Do Something Good For Somebody
I used to work with one of the most talented songwriters/musicians back in the day named Ken Somerville. He once wrote an incredible track entitled, “Do Something Good For Somebody”, and to this day, it has left an indelible mark on me. The following article is to show through my own examples and experiences how to put forward that very principle.
In Need of Warmth
It was a particularly cold day in Tampa; mid-January and only 47 degrees. Oh, stop it. That’s cold for down here. It was getting late and I still hadn’t stopped for my morning coffee. As usual, rush hour was predictably terrible. So rather than sit in traffic, I decided to make my way to the Wawa convenience store just off the next exit. They always had a great selection of coffees. I grabbed the extra-large cup, filled it up, and had just enough room for a little 2% milk. I ordered a plain toasted bagel and cream cheese, then made my way out the front door.
I was met by a tall man; unkept, weathered, and appearing rather cold. He asked if I had any spare change so he could get himself a small coffee to stay warm.
“Sir, I have no change at all. I used a credit card.” I quietly responded.
“No worries, God bless and enjoy your day.” he politely replied.
I had not yet even taken a single step away from him when I looked him straight in his lonely eyes and said, “Sir, this is for you. It’s a toasted bagel and cream cheese and an extra-large Cuban coffee with milk. And God bless you.”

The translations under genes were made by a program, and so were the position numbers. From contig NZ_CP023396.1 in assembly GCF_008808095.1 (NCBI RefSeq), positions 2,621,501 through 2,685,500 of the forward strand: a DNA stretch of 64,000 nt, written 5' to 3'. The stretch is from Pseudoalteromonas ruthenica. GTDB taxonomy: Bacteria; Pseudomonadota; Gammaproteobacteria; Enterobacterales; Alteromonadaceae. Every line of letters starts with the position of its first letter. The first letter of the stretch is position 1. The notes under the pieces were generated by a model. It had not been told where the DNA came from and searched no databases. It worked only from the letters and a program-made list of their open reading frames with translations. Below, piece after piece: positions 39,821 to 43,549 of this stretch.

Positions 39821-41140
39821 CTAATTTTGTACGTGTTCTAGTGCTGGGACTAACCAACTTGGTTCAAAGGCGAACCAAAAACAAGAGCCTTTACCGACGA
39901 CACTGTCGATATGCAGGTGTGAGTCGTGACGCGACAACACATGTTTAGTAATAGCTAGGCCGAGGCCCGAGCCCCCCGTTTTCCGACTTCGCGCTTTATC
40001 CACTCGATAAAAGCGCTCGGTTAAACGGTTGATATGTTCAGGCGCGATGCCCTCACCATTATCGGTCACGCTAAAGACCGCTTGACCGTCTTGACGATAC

I then continued to head back to my car as he interrupted, “Wait. aren’t you going to get yourself another one?”
“No. I don’t need it. You enjoy and stay warm.”
The man then broke into tears while wishing me many blessings. But I knew in that moment he was the one that needed and deserved all of the blessings.
Helping a Vet
While working in the Ybor district of Tampa, we’d often go to the Burger King just a short walk up 22nd Avenue. It was the middle of July and about 99 degrees and ridiculously humid. In other words, it was stupid hot. As I made my way up the Burger King walkway, I saw a haggard man probably in his 40s sitting underneath a large bush for some shade. He looked like he was ready to pass out, to be honest. As I passed him, he didn’t say a word. He just continued to sit alone.
“Are you hungry?” I asked, as I turned back around and looked at him.
Surprised, he looked up at me and said, “Yes, but it’s okay.”
“Come in with me and I will get you some lunch.” I insisted.
We both made our way into the cool, air-conditioned restaurant as I made small talk with him. I asked his name and inquired a little about where he was from. He told me he had served in the Gulf War in the 90s, then had a series of horrible bouts with PTSD.
“What would you like from the menu?” I asked.
“You decide. I will eat anything. I really can’t thank you enough for your kindness.” he politely countered.
“Well, that makes two of us doesn’t it now because I can’t thank you enough for your service and sacrifice,” I paused. “We’ll have two large number eights, please. And can I also get two hamburgers as well please?”